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Lauren Sanchez-Whitesell isn’t out to change the world — she’ll settle for just the airspace.
The 47-year-old — known to Angelenos as a longtime face of morning TV on Fox’s Good Day L.A. and to industry insiders as the wife of Endeavor executive chairman Patrick Whitesell — now is charting new heights as a helicopter pilot specializing in aerial filming.
She cut her teeth consulting on Christopher Nolan’s Dunkirk; has filmed a commercial in the Bahamas and Los Cabos, Mexico, for high-end residential developer Discovery Land (Tom Brady and George Clooney are among its homeowners); and recently finished a flight with Catherine Hardwicke for the Twilight director’s next film, Miss Bala. It was a pinch-me moment that Sanchez-Whitesell wants more women to experience. “This space is dominated by men,” she says. “But there’s nothing physical about flying a helicopter. You can be 5-foot-1 or 6-foot-4. There’s no reason more women aren’t in this.”
The Albuquerque native and third-generation Mexican-American arrived in the pilot’s seat by way of a peripatetic path through TV: from an internship at L.A.’s Channel 13 (while studying journalism on scholarship at USC) to Phoenix to national gigs on Extra and Fox Sports and back to L.A. news as Channel 13’s 11 o’clock anchor — the first Hispanic female to hold that seat. “I was just trying to make my way; I was just trying to get through,” she says of the milestone. “I never really thought about it until people started saying, ‘Wow, this is kind of a big deal.'”
She landed in 2003 at Good Day (where she still subs as co-host), then stepped back from the spotlight for several years to focus on her family: She and Whitesell wed in 2005 and have two children, 9-year-old Eleanor and 11-year-old Evan, plus her 16-year-old son, Nikko, from her first marriage (to former NFLer Tony Gonzalez). In 2014, she moved behind the camera with Pursuit Productions, where she and co-founder Dan Friedkin developed features and documentaries — including one about pilots in World War II’s epic Battle of Tarawa. But she soon found herself pulled in another direction — skyward — by her passion for flying.
She had been learning how to fly while working as an anchor, which was not a completely left-field scenario. Sanchez-Whitesell’s father, Ray, worked as a flight instructor and mechanic who helped rebuild planes. “I was always in the hangar growing up but knew nothing about flying,” she says — save for one important fact. “I went into flight school and I had an instructor who asked, ‘So what do you know about flying?'” Her answer: “Stay away from the prop.”
Once she realized how much she loved being in the air, Sanchez-Whitesell doubled down on her flight studies. “I had my job, I had a career, and then I found a calling,” she says. “I loved entertainment and I loved filming, and so I got to combine all of it.” But pursuing this passion came with extra challenges for her. “I’m dyslexic and I literally had to put myself in a room and just cram to figure it out,” she says without a wince of shame. “They call them learning differences now, which is really sweet, but growing up I just thought I was stupid. My co-anchors knew I was dyslexic but not many more [did]. I felt like I had to hide it because it just wasn’t something that people talked about.”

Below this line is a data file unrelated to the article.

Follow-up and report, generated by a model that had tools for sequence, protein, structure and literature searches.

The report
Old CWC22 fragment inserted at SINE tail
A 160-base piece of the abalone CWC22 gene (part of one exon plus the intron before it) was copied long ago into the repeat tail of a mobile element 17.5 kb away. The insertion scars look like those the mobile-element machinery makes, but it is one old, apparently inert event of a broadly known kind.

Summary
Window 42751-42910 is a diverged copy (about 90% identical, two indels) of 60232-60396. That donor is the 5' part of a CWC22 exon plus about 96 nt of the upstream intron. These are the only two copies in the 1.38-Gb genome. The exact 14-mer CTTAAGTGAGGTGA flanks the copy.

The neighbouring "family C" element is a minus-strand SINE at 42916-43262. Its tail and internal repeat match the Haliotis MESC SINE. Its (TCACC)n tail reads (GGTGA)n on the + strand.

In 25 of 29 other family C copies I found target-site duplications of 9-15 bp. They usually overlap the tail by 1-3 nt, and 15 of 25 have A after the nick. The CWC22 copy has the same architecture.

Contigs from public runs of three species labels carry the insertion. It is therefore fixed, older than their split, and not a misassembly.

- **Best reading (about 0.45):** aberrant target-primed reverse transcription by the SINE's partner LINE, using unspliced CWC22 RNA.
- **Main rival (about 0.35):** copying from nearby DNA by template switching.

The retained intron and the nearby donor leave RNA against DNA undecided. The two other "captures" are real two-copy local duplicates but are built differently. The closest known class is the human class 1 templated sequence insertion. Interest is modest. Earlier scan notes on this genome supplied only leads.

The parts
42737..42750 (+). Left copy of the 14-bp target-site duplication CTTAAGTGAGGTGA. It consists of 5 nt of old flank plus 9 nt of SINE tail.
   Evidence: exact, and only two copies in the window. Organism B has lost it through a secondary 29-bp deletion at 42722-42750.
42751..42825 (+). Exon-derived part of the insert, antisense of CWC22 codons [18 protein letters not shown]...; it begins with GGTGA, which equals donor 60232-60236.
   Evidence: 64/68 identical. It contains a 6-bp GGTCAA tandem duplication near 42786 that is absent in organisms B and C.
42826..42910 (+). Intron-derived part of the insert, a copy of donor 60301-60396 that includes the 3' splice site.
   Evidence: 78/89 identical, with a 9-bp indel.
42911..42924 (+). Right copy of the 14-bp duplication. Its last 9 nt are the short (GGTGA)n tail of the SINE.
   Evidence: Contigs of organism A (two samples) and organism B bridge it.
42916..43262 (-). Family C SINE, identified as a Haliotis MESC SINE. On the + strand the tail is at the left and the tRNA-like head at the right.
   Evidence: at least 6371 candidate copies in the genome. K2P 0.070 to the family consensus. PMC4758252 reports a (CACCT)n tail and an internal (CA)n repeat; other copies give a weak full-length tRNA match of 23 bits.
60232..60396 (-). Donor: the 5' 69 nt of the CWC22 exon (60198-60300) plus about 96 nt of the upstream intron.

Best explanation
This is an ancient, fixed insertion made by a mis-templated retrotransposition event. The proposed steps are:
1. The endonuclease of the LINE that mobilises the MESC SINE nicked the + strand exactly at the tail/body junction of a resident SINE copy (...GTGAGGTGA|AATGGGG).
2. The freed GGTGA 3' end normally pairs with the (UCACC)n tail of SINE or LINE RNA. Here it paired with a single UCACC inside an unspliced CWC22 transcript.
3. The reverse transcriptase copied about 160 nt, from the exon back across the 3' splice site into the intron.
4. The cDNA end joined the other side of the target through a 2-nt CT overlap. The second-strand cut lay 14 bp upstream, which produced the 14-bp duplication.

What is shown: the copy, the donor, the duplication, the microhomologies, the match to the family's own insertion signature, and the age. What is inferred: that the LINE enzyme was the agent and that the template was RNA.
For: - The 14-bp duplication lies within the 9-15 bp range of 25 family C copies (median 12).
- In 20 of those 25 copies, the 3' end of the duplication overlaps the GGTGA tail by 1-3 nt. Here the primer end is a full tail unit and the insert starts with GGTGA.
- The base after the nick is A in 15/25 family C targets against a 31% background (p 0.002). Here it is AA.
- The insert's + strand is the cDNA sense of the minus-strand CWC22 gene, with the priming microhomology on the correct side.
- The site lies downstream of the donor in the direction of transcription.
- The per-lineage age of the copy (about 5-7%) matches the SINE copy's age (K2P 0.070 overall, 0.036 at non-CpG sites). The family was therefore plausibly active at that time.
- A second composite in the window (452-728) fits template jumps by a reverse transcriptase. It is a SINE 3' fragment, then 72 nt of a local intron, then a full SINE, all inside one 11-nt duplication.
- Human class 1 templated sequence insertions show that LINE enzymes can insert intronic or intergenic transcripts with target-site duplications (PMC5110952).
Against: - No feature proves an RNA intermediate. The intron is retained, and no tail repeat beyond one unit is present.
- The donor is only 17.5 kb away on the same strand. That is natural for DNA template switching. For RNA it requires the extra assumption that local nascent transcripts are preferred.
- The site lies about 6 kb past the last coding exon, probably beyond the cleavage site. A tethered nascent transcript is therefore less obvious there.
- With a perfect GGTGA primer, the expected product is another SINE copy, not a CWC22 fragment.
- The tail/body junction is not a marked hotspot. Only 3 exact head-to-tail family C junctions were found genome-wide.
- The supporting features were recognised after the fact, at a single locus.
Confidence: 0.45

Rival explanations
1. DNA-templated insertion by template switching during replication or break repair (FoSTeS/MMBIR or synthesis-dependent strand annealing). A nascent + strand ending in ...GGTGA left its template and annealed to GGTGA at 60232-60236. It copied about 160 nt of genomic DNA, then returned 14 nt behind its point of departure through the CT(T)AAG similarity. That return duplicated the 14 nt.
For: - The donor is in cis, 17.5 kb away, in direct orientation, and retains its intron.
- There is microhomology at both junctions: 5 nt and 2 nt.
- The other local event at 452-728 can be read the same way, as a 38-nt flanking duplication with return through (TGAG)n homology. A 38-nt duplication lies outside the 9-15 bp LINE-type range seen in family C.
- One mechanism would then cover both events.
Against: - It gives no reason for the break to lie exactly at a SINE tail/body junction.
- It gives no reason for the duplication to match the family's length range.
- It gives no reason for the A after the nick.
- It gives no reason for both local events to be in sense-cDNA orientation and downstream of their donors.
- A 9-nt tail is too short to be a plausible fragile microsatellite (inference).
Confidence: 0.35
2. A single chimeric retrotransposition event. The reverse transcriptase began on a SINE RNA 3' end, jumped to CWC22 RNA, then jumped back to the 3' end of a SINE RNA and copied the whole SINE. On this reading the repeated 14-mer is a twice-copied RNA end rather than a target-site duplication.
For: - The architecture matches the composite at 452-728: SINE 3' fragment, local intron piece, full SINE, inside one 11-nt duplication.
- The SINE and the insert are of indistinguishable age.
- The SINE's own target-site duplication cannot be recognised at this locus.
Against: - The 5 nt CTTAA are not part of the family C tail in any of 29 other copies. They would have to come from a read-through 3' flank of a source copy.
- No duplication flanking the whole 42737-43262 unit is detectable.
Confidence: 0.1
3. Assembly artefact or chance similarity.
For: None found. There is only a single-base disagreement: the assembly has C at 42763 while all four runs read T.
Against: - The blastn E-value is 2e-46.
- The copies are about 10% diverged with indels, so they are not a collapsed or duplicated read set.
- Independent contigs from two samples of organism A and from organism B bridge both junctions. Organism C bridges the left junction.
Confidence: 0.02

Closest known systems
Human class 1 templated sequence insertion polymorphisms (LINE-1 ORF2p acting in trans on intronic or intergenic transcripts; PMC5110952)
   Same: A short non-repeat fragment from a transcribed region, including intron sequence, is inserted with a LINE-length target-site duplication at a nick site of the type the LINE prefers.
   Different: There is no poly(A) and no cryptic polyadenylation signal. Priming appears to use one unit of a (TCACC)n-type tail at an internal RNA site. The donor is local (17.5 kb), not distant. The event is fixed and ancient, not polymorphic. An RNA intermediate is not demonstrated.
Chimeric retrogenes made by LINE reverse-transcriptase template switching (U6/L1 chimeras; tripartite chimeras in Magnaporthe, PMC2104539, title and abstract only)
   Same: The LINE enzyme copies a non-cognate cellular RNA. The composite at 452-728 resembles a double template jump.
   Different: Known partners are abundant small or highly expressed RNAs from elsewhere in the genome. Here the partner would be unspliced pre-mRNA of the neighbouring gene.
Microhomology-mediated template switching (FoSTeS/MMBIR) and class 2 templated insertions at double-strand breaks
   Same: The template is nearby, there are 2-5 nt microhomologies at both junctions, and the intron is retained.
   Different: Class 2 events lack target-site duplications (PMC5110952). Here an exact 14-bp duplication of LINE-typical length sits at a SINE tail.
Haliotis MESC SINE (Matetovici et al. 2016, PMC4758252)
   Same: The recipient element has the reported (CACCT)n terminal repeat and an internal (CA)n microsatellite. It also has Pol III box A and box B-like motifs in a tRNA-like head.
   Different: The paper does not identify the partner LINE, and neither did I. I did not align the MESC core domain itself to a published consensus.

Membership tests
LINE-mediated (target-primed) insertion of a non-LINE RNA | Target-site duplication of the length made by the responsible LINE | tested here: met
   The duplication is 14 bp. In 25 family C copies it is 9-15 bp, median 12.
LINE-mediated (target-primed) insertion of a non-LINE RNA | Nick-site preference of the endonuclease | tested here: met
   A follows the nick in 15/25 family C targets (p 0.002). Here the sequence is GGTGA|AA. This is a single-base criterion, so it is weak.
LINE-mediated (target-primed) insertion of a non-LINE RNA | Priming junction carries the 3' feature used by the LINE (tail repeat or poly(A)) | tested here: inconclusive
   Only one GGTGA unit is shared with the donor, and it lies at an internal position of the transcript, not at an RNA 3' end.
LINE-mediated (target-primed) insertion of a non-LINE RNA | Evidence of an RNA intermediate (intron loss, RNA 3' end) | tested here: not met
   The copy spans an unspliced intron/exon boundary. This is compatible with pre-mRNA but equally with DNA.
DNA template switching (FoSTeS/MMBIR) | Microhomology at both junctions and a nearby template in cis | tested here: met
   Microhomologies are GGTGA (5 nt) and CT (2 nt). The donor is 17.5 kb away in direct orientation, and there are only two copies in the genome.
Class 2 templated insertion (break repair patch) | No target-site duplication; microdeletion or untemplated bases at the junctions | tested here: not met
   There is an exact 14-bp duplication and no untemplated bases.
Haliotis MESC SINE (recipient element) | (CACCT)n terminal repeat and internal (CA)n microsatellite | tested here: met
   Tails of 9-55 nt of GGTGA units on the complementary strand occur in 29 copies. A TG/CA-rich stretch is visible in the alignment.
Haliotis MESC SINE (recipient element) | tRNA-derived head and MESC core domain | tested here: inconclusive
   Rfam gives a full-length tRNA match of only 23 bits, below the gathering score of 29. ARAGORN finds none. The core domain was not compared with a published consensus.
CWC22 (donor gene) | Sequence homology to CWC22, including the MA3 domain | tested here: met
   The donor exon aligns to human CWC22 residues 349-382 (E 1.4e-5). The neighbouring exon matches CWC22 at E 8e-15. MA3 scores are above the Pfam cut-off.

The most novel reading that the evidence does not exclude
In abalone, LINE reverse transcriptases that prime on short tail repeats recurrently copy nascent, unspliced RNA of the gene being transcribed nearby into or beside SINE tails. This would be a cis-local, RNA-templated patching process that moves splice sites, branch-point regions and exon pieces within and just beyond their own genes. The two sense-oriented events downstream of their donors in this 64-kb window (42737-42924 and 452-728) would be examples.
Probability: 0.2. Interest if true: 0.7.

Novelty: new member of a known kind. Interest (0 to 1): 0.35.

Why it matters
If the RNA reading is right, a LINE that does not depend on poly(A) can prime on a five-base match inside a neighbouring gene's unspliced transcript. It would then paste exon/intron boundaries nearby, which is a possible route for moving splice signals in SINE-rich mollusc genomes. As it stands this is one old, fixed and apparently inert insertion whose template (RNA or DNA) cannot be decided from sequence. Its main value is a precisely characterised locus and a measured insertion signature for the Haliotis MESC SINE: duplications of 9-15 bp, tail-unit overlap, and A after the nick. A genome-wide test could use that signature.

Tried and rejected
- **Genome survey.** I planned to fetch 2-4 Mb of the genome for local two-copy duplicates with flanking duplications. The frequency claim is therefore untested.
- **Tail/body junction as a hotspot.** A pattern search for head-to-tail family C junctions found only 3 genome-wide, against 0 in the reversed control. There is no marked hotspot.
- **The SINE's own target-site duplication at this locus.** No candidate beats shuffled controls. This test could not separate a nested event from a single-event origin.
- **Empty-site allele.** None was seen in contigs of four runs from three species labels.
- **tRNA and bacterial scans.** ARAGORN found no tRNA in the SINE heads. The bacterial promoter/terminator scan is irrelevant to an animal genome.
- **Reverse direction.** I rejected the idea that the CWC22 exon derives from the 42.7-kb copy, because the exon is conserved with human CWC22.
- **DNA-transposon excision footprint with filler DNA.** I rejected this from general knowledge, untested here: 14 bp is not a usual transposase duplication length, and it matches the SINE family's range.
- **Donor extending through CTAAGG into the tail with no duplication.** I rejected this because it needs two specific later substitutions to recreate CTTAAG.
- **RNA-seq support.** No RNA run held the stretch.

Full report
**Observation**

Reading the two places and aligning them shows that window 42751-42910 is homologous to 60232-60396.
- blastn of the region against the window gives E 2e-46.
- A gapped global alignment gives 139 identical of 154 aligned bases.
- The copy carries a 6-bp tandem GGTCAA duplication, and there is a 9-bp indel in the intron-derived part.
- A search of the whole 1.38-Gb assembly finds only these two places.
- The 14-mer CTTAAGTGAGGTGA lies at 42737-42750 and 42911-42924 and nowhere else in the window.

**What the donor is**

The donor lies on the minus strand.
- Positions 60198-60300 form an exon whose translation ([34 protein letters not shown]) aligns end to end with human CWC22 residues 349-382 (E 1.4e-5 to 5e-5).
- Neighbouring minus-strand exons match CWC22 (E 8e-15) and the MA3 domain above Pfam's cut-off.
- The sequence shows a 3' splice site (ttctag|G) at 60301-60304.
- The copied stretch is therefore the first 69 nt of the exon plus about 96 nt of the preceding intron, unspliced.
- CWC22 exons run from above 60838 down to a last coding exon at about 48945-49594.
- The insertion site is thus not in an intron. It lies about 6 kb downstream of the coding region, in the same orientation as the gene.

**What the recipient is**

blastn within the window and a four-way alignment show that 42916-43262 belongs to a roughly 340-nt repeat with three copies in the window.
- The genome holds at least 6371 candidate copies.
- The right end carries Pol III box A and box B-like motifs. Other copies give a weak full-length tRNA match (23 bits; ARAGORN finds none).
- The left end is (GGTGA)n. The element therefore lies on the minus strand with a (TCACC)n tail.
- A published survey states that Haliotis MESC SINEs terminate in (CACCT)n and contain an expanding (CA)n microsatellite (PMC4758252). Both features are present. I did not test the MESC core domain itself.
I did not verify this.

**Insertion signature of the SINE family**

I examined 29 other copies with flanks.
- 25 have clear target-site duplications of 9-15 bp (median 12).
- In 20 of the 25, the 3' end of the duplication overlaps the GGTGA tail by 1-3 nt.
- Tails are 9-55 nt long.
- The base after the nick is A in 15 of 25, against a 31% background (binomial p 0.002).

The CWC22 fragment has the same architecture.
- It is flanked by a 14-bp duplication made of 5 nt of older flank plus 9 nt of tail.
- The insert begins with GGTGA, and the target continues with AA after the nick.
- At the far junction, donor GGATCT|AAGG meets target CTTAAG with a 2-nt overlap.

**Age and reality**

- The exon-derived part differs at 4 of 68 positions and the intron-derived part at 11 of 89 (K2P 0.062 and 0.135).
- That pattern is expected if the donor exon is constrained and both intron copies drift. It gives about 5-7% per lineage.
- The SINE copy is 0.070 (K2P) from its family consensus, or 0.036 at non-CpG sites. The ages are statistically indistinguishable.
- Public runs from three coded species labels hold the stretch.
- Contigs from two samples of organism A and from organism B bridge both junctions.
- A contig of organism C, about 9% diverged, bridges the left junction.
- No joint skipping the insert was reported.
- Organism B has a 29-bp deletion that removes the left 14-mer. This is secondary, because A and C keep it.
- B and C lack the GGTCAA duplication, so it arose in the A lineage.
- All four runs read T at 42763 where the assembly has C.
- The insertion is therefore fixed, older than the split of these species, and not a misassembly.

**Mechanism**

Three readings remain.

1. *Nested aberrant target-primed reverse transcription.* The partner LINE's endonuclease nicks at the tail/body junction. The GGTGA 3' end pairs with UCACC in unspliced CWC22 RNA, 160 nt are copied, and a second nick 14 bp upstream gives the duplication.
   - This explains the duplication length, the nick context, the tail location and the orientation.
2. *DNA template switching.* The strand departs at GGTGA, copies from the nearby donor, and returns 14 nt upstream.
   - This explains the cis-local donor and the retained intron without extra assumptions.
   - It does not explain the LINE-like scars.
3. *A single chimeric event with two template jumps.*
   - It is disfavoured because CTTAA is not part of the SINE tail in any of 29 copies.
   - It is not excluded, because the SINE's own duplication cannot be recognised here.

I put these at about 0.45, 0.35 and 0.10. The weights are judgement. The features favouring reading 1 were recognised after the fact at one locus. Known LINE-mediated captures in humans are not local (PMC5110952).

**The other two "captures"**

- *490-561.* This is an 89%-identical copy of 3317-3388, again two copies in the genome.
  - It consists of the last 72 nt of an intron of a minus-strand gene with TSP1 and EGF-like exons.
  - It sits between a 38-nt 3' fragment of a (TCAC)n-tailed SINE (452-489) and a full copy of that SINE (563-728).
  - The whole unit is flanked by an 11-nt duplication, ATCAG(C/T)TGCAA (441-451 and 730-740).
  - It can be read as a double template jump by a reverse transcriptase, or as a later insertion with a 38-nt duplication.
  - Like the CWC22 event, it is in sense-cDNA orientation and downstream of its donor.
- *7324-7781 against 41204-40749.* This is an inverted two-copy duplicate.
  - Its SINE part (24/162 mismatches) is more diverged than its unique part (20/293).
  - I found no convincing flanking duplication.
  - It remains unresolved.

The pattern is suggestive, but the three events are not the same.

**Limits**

She started flying planes in 2011, but getting certified as a helicopter pilot was even tougher. “I literally cried — and I don’t cry,” she reveals of a moment in the cabin when she was ready to give up while trying to steady the chopper. “You go to school for a year, take a test, then you do a check ride — you go up with an instructor, and they take you through the emergency procedures. If you lose your engine, he turns off the throttle, and you have to get down. It’s like life. It’s good if everything goes right, but if shit hits the fan, can you survive?”
She earned her license in June 2016 and formed Black Ops Aviation, partnering with Steve Safford and his Studio Wings production company. “Steve has taken me under his wing,” she says, not registering the pun, adding that Safford guided her in how to track cars and navigate specific shots required for films. Her hangar at Santa Monica Airport — not far from Harrison Ford’s and David Ellison’s — now houses her Cirrus plane and her Astar 350B helicopter, Whiskey Whiskey.
Though it isn’t her husband’s scene (“he keeps a level head about it, but it makes him nervous”), flying has become a family affair, with all three kids taking lessons. And she plans to help more women share her passion by offering a scholarship through her foundation that will fund flight education for two high school girls. “We came from nothing. I used to sleep in the back of my grandmother’s car when she would go clean houses, and I’ve been fortunate enough to have a career,” she explains. “Working is part of my DNA. I enjoy it, and now I want to give back.”
She also wants to keep her feet off the ground as often as she can. “I want to be in a helicopter all the time,” she says. “Life can be so chaotic with so much going on. Lift off and you’re in an energy space that no one else is in. It’s calming. When I’m up there, I’m completely satisfied. I’m like, ‘This is where I need to be.'”
A version of this story first appeared in the Nov. 1 issue of The Hollywood Reporter magazine. To receive the magazine, click here to subscribe.
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